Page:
Shadow Economies Around the World: Evidence from Metropolitan Areas

Abstract

In this paper, I use a calibrated two-sector dynamic general equilibrium model to construct annual estimates of shadow economy size (as a percentage of GDP) for 57 metropolitan areas from 31 countries throughout the world from 2001 to 2016. In addition to fully describing and characterizing the constructed dataset, I also provide some stylized facts regarding the trends of these estimates and some of their correlates. I also use the model to evaluate the effects of two policy tools: Changing the tax burden and tax enforcement.

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Notes

  1. 1.

    This model is mostly adapted from Roca et al. (2001), Ihrig and Moe (2004), and Busato and Chiarini (2004), Elgin and Oztunali (2012), Orsi et al. (2014) and more recently from Elgin et al. (2019).

  2. 2.

    The link to the metropolitan area database of OECD is https://stats.oecd.org/Index.aspx?DataSetCode=CITIES

  3. 3.

    Therefore, the assumption we make regarding the growth of \(\theta _{S_t}\) is not unrealistic. Moreover, in the calculation of the informal productivity, the reported results in the next section specifically use equal weight for formal productivity and capital; however, the results are qualitatively unaffected when this weight changes within a range of 20%. These additional sensitivity analyses are available upon request from the author.

  4. 4.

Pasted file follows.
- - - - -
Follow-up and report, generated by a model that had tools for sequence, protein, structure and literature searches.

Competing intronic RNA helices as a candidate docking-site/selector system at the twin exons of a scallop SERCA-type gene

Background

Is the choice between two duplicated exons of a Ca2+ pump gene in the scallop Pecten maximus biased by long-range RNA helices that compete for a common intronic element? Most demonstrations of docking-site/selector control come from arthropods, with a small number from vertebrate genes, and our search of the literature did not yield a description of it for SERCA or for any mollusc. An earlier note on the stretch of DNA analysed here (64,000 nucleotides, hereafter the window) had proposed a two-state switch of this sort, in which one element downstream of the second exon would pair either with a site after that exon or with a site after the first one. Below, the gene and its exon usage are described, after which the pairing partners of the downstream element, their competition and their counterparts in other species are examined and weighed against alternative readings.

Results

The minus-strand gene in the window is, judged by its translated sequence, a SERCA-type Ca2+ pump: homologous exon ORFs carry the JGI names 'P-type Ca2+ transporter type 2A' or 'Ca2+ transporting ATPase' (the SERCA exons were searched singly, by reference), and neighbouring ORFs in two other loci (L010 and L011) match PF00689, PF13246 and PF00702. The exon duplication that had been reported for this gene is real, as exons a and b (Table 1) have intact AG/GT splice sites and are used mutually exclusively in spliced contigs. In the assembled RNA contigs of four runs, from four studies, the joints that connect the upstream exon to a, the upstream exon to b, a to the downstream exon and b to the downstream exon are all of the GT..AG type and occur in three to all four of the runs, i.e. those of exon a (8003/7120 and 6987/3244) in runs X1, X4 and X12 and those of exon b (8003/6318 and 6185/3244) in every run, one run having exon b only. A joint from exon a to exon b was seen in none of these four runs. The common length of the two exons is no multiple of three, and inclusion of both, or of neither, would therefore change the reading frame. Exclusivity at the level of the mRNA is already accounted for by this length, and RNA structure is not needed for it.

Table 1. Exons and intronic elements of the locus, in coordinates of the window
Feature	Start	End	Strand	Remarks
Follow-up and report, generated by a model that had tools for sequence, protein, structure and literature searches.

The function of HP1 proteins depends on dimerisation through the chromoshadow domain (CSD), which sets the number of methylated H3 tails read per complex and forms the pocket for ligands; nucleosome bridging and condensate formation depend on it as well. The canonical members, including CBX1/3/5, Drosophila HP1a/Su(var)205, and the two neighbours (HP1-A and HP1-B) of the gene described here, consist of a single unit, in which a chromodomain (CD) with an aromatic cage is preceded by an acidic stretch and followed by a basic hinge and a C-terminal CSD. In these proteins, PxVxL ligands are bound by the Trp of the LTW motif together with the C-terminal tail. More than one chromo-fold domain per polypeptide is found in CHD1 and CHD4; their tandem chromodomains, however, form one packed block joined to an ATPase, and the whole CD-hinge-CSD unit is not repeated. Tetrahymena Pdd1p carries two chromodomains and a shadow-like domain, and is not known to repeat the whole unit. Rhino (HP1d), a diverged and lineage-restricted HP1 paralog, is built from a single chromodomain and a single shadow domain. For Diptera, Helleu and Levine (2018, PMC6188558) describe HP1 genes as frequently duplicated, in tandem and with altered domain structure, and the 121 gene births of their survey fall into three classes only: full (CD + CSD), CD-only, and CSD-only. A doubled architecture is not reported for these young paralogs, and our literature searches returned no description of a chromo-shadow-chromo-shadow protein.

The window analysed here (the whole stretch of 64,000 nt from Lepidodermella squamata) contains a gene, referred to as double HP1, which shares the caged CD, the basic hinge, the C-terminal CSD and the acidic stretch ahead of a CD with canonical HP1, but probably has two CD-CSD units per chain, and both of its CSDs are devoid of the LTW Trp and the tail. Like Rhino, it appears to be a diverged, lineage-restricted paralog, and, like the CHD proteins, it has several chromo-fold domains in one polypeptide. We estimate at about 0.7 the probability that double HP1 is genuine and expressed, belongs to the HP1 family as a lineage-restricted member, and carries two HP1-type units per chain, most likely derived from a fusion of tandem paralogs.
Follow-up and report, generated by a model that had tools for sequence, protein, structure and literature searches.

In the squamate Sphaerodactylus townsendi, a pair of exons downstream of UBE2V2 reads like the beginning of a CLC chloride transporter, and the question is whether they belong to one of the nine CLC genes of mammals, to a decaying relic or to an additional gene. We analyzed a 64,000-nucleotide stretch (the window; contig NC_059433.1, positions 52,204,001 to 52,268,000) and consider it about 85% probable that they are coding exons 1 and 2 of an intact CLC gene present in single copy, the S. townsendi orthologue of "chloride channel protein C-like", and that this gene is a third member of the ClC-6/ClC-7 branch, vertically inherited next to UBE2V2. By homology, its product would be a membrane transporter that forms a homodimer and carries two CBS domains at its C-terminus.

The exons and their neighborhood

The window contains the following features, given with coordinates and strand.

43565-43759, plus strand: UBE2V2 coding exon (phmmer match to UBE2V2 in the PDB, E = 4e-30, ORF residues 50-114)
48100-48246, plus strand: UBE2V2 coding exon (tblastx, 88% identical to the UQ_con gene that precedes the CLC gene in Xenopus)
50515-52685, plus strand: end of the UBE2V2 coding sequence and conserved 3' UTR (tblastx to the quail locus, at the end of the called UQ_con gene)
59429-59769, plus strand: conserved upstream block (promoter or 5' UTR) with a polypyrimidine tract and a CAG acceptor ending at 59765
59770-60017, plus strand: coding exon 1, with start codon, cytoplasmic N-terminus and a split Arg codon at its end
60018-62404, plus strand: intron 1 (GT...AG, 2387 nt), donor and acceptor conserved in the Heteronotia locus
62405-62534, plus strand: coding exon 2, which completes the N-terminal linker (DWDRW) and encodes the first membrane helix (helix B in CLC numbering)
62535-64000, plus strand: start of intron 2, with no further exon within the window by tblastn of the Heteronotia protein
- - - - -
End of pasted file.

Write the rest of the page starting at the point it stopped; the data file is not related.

Moreover, Tables 7 and 8 in the appendix report results of two sensitivity analyses conducted for robustness checks. In the former, we use different values of \(\gamma\) and in the latter we choose \(\theta _{S_{2001}}\) to match the informal sector size (as \(\%\) of GDP for 2001 reported in Elgin and Oztunali (2012), instead of informal employment from Elgin et al. (2019). Noticeably, regional averages reported in these two tables for a robustness check are highly similar to the ones reported in Table 1.

  5. 5.

    Surely, there are other significant correlates (determinants or indicators) of informality such as tax burden, monetary base, life expectancy, education (or human capital), and institutional quality indices; however, as these series are not available at the city-level, they could not be used in the correlation or regression analysis.

  6. 6.

    Among different parameters, \(\beta\) is calibrated directly from the Euler equation and \(\alpha\) and \(\delta\) are taken directly from the bPWT.

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Correspondence to Ceyhun Elgin.

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Appendix: Dataset and Robustness Checks

Appendix: Dataset and Robustness Checks

This appendix includes the whole dataset in Tables 7 and 8.

Table 7 Shadow economy size estimates (as % of GDP)
Table 8 Shadow economy size estimates (cont’d) (as % of GDP)

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Elgin, C. Shadow Economies Around the World: Evidence from Metropolitan Areas. Eastern Econ J 46, 301–322 (2020). https://doi.org/10.1057/s41302-019-00161-4

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Keywords

  • Informal sector
  • Metropolitan areas
  • Dynamic general equilibrium models
  • Panel data
  • Shadow economy
  • Two-sector dynamic general equilibrium models

JEL Classification

  • E26
  • J46
  • R12